TOP OF THE WEEK
Crackdown looms vs. illegal masseurs


Dumaguete City Councilors urged law enforcers to apprehend persons engage in performing body massage services without license from the Department of Health and passing several laboratory exams to attest to their fitness.

They are scattered mostly in the boulevard, the Rotary-donated kiosk, Burgos street, at the boulevard extension which is an eyesore to the smooth flow of hikers and strollers long the P27-millioin boulevard extension.

The proliferation of groups offering body massage services in public or government owned facilities came to the fore after a complaint reached the City Council that a certain Leo Macalipay a staunch critic of the Remollo administration during the elections, has been allegedly running a band of masseurs without licences and unfairly competing with at least two rival groups whose members are accredited and licensed by the DOH. He was the barker of then Mayor Sagar, and vice Mayor Maquiling.

In last Wednesday’s session, a certain Rosalio R. Macalipay defended himself from the accusations and justified his involvement limited to merely training the masseurs so they could earn decent livelihood.

Macalipay assured the Council that “he will no longer cause any inconvenience since he is leaving the city for personal reasons.” He denied receiving cuts or fees along the way sometime.

However, Councilor Alan Cordova dismissed the letter as a poor excuse and underscored his preference for the enforcers to clear the Rizal boulevard, Quezon park and other public facilities from masseurs who are not licensed to practice their chosen trade considering that any untoward incident will harm not only their clients but the integrity of the legitimate masseurs.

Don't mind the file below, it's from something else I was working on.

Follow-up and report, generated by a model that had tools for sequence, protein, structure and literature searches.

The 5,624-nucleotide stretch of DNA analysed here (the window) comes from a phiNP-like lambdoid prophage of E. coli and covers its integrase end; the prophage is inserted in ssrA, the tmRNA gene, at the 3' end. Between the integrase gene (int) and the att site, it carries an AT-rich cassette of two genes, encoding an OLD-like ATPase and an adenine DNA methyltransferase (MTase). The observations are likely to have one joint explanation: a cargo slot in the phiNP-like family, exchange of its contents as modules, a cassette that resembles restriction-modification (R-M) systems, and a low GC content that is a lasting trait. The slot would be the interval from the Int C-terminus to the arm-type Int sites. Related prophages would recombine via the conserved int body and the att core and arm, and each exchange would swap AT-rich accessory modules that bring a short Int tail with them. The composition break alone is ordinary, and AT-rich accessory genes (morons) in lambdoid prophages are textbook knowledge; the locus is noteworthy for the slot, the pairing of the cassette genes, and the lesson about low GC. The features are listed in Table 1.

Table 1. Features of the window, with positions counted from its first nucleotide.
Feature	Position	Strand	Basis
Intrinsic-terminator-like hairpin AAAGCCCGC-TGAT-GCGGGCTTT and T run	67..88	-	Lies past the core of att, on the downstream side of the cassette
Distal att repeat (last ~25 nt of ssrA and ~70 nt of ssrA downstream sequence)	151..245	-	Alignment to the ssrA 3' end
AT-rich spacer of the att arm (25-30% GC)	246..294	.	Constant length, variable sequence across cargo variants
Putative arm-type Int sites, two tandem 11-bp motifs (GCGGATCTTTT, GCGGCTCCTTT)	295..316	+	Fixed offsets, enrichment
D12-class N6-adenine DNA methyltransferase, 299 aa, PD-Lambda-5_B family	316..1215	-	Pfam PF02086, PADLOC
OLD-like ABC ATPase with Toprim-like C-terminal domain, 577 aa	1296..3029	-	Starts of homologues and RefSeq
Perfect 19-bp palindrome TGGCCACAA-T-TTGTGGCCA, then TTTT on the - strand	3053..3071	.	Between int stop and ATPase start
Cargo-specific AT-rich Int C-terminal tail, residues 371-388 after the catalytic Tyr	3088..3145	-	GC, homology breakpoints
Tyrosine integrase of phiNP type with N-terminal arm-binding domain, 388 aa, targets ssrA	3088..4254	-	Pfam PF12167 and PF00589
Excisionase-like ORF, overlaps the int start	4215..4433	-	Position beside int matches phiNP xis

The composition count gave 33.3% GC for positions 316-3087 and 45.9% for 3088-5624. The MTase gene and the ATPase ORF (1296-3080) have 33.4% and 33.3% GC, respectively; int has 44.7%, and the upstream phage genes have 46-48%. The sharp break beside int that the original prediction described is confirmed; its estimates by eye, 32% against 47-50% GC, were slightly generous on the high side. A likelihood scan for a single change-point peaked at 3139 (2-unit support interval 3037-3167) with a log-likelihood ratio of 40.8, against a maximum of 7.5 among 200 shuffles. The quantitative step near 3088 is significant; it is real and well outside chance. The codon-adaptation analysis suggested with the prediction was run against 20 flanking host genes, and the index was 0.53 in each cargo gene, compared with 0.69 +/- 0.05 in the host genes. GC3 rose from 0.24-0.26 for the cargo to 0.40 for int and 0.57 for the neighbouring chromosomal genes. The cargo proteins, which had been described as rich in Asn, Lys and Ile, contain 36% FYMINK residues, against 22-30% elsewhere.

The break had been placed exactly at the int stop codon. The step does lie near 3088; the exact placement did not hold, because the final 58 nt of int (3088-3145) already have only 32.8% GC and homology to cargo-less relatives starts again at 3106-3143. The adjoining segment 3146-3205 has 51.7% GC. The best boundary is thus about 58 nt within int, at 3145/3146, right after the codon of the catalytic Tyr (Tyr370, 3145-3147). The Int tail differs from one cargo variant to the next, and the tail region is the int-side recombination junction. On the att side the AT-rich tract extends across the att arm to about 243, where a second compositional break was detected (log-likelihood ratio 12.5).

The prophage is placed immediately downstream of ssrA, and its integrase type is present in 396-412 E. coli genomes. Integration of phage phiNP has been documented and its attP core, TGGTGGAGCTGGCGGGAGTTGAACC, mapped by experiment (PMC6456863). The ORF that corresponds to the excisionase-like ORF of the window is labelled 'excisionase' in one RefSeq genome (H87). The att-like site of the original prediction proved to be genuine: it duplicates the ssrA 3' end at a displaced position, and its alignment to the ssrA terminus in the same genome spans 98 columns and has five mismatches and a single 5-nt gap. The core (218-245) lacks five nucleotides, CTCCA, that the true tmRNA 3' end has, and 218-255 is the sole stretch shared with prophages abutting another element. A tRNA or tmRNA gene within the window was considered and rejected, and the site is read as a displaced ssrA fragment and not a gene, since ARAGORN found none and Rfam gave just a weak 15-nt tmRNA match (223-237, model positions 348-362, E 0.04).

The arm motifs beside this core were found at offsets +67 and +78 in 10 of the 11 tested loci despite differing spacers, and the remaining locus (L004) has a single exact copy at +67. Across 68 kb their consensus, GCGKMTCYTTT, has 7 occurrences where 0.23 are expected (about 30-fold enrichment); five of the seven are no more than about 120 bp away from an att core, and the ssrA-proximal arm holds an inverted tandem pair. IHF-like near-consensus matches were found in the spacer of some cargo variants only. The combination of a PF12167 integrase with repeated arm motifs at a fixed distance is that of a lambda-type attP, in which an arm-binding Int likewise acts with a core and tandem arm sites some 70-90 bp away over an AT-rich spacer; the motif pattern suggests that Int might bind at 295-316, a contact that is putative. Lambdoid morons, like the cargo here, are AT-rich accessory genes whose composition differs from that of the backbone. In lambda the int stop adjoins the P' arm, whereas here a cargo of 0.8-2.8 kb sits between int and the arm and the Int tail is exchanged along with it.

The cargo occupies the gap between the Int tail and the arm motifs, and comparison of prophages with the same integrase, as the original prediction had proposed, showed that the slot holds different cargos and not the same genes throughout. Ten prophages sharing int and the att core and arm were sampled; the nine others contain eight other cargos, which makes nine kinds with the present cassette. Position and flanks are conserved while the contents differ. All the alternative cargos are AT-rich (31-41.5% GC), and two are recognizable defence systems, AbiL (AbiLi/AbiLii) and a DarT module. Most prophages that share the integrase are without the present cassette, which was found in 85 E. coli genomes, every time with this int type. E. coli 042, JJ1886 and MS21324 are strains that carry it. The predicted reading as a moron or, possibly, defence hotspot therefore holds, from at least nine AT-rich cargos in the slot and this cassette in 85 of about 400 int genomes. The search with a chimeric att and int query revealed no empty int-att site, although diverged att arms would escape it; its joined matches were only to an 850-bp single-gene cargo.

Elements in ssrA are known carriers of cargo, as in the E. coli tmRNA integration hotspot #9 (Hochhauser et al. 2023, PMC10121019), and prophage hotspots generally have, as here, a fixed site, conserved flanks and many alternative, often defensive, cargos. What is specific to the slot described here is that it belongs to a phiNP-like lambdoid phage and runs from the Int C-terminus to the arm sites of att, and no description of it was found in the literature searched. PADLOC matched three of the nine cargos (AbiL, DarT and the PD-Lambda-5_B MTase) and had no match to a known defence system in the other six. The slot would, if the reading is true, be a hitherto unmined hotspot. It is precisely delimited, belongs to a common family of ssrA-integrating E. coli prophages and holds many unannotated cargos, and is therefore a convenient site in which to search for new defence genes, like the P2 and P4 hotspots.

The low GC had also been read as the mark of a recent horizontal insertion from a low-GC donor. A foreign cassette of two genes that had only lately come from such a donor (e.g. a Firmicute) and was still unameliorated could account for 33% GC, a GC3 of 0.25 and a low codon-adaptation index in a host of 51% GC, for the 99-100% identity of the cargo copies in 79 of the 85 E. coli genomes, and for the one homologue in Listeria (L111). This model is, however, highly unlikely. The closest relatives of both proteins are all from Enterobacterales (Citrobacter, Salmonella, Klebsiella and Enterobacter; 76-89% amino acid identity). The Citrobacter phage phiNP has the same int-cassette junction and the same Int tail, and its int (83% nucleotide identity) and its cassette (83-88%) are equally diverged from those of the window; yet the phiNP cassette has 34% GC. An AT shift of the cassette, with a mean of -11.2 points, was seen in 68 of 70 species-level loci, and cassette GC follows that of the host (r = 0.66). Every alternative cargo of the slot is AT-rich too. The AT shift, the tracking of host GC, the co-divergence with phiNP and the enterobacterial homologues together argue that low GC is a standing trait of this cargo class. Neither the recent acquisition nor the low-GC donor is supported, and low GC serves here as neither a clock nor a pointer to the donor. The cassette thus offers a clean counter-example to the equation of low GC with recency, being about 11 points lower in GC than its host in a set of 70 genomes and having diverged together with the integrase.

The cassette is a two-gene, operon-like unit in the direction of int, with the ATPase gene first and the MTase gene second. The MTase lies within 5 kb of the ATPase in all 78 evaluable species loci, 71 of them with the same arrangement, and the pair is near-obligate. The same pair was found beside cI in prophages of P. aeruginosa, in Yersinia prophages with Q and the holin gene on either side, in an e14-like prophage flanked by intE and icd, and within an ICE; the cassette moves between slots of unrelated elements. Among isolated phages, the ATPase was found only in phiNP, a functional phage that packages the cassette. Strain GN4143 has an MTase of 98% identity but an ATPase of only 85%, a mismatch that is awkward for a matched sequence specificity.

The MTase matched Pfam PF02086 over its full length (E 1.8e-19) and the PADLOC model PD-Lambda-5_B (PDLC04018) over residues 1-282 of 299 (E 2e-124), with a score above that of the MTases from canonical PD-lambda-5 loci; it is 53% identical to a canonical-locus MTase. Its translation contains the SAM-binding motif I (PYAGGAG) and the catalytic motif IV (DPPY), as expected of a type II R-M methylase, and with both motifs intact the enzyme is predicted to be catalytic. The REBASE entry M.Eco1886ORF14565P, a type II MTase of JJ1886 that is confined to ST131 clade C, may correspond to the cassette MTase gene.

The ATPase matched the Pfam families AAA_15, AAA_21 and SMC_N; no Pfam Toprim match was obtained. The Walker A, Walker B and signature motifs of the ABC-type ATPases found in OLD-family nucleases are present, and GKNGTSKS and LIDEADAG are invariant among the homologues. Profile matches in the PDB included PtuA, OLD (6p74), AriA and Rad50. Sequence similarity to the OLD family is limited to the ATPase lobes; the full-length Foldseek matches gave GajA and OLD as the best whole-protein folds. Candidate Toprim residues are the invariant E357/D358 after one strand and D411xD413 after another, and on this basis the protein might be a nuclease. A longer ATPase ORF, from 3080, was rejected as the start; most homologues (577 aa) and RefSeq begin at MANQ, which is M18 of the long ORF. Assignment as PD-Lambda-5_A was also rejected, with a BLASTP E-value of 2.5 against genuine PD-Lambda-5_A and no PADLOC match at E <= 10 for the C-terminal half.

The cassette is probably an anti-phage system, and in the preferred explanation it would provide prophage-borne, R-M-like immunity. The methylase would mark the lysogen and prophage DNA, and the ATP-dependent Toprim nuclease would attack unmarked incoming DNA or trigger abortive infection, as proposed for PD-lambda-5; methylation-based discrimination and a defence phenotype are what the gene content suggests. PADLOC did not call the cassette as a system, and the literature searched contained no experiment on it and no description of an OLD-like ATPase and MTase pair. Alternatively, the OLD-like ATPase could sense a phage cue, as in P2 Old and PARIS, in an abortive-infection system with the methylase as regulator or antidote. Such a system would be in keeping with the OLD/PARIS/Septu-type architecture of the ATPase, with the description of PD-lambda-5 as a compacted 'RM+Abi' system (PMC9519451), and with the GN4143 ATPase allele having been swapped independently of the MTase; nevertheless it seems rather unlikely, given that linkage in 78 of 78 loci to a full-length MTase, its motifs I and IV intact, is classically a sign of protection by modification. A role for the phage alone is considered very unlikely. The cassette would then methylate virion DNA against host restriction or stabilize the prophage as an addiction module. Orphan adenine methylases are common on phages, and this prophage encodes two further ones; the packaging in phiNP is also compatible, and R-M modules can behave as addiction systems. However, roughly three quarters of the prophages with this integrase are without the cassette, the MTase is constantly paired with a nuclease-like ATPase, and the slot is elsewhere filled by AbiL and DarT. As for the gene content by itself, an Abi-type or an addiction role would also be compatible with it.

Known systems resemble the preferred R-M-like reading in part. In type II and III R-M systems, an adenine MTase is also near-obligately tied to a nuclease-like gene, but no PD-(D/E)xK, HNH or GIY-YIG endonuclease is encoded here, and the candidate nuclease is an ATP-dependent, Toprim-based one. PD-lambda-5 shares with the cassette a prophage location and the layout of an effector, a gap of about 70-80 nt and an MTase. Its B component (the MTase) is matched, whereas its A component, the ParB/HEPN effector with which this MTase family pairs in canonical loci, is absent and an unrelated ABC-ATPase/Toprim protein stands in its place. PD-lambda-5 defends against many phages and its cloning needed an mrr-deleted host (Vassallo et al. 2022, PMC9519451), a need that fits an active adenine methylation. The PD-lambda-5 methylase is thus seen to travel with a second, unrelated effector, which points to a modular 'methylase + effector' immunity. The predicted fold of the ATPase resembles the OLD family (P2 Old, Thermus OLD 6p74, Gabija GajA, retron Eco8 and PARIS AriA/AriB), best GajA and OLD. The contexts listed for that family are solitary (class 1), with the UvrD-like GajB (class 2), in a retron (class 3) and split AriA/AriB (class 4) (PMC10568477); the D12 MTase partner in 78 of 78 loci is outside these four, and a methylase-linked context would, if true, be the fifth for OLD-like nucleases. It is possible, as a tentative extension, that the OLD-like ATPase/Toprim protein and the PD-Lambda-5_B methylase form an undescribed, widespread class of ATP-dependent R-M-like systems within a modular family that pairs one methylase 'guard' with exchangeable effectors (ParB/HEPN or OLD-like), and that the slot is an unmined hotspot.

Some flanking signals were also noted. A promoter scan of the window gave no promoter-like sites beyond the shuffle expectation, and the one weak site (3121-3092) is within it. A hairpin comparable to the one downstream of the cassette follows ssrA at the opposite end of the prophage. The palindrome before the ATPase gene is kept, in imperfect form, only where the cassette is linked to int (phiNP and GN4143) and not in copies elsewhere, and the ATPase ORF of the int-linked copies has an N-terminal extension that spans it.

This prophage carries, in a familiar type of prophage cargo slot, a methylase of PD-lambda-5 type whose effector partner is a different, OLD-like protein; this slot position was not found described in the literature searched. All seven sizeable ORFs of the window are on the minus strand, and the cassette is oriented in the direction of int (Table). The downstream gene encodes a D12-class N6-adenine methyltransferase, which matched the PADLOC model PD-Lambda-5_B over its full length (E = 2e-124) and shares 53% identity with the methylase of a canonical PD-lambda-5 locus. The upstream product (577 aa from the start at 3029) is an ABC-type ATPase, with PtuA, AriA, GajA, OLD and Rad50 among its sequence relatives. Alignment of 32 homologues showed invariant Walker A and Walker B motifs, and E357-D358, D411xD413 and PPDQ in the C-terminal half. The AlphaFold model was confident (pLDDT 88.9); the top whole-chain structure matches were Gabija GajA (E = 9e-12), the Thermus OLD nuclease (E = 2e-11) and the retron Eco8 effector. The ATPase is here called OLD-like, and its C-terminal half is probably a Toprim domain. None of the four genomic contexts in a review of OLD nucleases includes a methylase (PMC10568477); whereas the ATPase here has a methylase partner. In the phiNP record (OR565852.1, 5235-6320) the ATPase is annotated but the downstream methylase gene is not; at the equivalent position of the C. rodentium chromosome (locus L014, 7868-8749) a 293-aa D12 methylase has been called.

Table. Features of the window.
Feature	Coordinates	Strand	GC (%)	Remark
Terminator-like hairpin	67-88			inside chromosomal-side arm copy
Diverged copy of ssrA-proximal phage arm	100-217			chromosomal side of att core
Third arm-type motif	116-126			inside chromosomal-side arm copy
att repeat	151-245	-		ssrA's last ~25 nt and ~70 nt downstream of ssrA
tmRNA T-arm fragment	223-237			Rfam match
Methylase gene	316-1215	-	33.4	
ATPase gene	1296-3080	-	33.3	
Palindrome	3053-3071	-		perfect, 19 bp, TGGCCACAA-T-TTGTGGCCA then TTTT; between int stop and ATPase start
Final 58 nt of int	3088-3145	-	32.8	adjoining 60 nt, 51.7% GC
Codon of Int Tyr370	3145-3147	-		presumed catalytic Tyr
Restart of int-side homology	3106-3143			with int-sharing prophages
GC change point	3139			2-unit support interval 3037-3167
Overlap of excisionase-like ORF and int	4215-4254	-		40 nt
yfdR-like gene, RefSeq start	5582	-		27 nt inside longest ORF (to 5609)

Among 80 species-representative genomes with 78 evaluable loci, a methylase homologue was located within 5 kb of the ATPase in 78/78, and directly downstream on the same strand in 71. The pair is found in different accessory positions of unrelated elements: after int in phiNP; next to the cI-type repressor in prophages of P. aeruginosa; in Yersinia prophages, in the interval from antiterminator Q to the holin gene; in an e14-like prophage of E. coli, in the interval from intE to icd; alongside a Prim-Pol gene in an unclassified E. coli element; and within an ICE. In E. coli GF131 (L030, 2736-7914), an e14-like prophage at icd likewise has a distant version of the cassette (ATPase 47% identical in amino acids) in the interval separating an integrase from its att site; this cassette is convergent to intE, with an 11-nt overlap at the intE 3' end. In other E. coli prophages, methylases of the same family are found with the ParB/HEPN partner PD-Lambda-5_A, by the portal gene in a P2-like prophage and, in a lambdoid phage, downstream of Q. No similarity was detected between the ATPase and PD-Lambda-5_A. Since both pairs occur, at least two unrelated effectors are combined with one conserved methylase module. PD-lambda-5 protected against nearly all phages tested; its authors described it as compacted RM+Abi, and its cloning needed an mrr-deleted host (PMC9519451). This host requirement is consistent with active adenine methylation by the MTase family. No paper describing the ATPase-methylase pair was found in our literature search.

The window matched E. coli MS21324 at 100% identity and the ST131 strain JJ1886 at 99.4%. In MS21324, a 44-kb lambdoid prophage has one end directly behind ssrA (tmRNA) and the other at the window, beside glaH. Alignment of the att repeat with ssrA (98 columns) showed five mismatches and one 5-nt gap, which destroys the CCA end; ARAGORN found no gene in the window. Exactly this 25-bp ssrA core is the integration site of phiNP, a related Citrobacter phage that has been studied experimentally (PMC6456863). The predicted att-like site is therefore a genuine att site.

To complete the course and secure a license from the DOH Board of Examiners, a masseur is expected to spend at least P20, 000 and another P500.00 to secure the Health Card that will be issued once a practitioner passes the urine exam, x-ray, Hepatitis B anit-gen and STIHIV clearance.

A legitimate masseur must have a license from DOH, issued with a health card and must belong to a group duly accredited by the Sectoral Desk Office of the city to legally practice and derive income from skills.

However, the solution to the problem as to where the masseurs could practice their trade continues to elude the City Council as it requires an enclosed area to preserve the privacy of the clients.

Councilor Lani Ramon urged the various groups of masseurs, some 20 of whom are considered legitimate, with dozens of others mostly holding NC-II certificates from TESDA are given until December 2017 to secure their licenses from DOH, to find privatelyowned facilities such as hotels and mall to serve as their “clinics” to be frequented by their patrons. (By Dems Demecillo)


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